When providing advice is uneconomical for financial advisers

I remember in the period leading up to RDR the buzz was that this would be the chance for independent financial advisers to be treated in the same way as an accountant or solicitor. The key distinction is that the commission system sometimes led to a transactional approach where individuals would use advisers to complete one-off transactions but wouldn’t always enter into an ongoing relationship with their adviser.

I think that this was correct and that it enhanced the growth of financial planning as opposed to transactional financial advice. Indeed, there is now a serious argument to be had between those that separate the financial plan from the underlying products which are just required to facilitate the plan.

Financial planning has taken off - as you can tell from the calls for ‘financial planning’ to become a ‘regulated activity’.

On this route to a more relationship-based service, we saw the introduction of pension freedoms in April 2015 which changed the advice landscape once again.

Suddenly, instead of an income, it was possible to now encash a whole pension in one go. As a result, a number of people wanted a one-off transaction either with or without advice and advisers had the difficult decision about whether or not they were prepared to undertake such transactions.

My own straw poll of advisers told me that since April, many advisers have seen some demand for pension encashment, but not at the levels they expected.

I believe it is fair to assume that with an adviser/client relationship in place there has been little or no encashment of pension funds unless it would enable a client to achieve a specific objective. It is more likely that where there is no adviser the demand would be higher, with the policyholder contacting the provider direct to ask for his money, thus invoking the second line of defence.

There have been some stories of providers refusing to pay out the money and I am not sure if this can be entirely justified where the client is the policy holder asking for his money in line with the contract terms.

So we are left with a group of individuals who are seeking to withdraw their cash in a one-off transaction, who have never paid for advice, and who do not know how much a reasonable charge is, but would still object to paying a fee.

We also have appropriately qualified advisers who are used to providing a full financial plan and who do not want transactional business, particularly at the lower end of the market, due to the lack of profitability, not to mention the regulatory risk legacy.

The needs of the demand side of this have resulted in various pieces of published research showing figures that would appear to be the maximum amount that consumers would be prepared to pay for the services of an adviser. For example, research by Aegon shows maximum figures of between £191 and £253.

AJ Bell’s own research told us that, on the supply side, almost one in five IFAs found it difficult to advise clients on pension freedoms if they have less than £100,000, and for 5% of respondents that figure increases to £150,000. Over three quarters (78%) of the advisers we questioned said they have had to turn clients away because it is uneconomical to provide them with financial advice.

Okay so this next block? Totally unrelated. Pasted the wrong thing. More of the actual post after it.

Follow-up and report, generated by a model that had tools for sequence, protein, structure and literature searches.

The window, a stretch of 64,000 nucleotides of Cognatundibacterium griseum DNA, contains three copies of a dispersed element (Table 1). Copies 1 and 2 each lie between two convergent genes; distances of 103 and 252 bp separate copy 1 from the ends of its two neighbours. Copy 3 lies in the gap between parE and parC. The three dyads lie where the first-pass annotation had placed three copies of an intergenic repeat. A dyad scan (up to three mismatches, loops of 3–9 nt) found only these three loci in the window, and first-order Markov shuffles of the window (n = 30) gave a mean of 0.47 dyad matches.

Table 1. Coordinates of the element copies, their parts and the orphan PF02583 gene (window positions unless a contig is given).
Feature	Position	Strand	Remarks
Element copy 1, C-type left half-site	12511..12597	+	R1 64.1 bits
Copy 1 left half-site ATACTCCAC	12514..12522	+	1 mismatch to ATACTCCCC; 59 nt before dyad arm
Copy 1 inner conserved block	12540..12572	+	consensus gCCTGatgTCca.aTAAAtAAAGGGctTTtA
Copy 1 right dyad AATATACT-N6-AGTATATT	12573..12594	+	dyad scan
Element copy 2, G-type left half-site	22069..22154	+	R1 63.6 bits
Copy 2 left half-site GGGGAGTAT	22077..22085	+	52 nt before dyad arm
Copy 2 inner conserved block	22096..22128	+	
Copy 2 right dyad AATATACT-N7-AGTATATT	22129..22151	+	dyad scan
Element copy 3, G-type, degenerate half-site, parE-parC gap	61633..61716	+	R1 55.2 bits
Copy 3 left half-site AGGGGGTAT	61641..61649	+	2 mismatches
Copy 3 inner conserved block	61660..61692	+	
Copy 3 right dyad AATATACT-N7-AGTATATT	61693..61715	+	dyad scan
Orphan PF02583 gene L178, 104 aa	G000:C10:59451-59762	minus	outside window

Within the word ‘uneconomical’, there are many different types of cost and liability associated with being a financial adviser.

An overwhelming majority (77%) of advisers say their main barrier was the regulatory costs associated with giving advice, while 40% said business costs were a prohibitive factor.

The potential liability advisers have to take on when giving advice is seen as a barrier to providing advice by just over half (51%) of advisers. This is perhaps best illustrated by the defined benefits transfer and insistent clients debate.

There is a degree of entrenchment with advisers who have sufficient demand for their services and who make the profit that they want without having to change their business model.

Facing them across the divide are members of the public who may know what they want but certainly do not know what they really need. When questioned on fees, they offer up a fairly random answer to the question of how much is the maximum they will pay.

The task facing the FCA and the Treasury with the FMAR is to pave the way for a bridge to join the two sides – certainly not an easy task.

We are at a tipping point and, as an industry, I can see three thing that we need to achieve:

  1. Individuals need to be educated to understand the value of financial advice
  2. The providers of such advice could seek ways of more efficiently providing such advice (if they really want to)
  3. The FCA could play their part by considering the regulatory and liability costs providers of advice face

A very real and very interesting challenge.

Head of Platform Technical

Mike Morrison has worked in financial services for far too many years. In 1990 he joined Winterthur (now AXAWealth) as Technical Manager, playing an instrumental role in the development of their SIPP product and later their pioneering work on income drawdown.

Mike is an ex Chairman of AMPS (the Association of Member Directed Pension Schemes) and is on the Financial Planning Committee of the ICAEW. He is also an Associate of the Pensions Management Institute and the Chartered Insurance Institute, and he holds both an LLB and an LLM in European Law.

An accomplished speaker and writer on financial services matters, Mike is passionate about retirement and savings issues, and how we can better communicate these to a wider audience.

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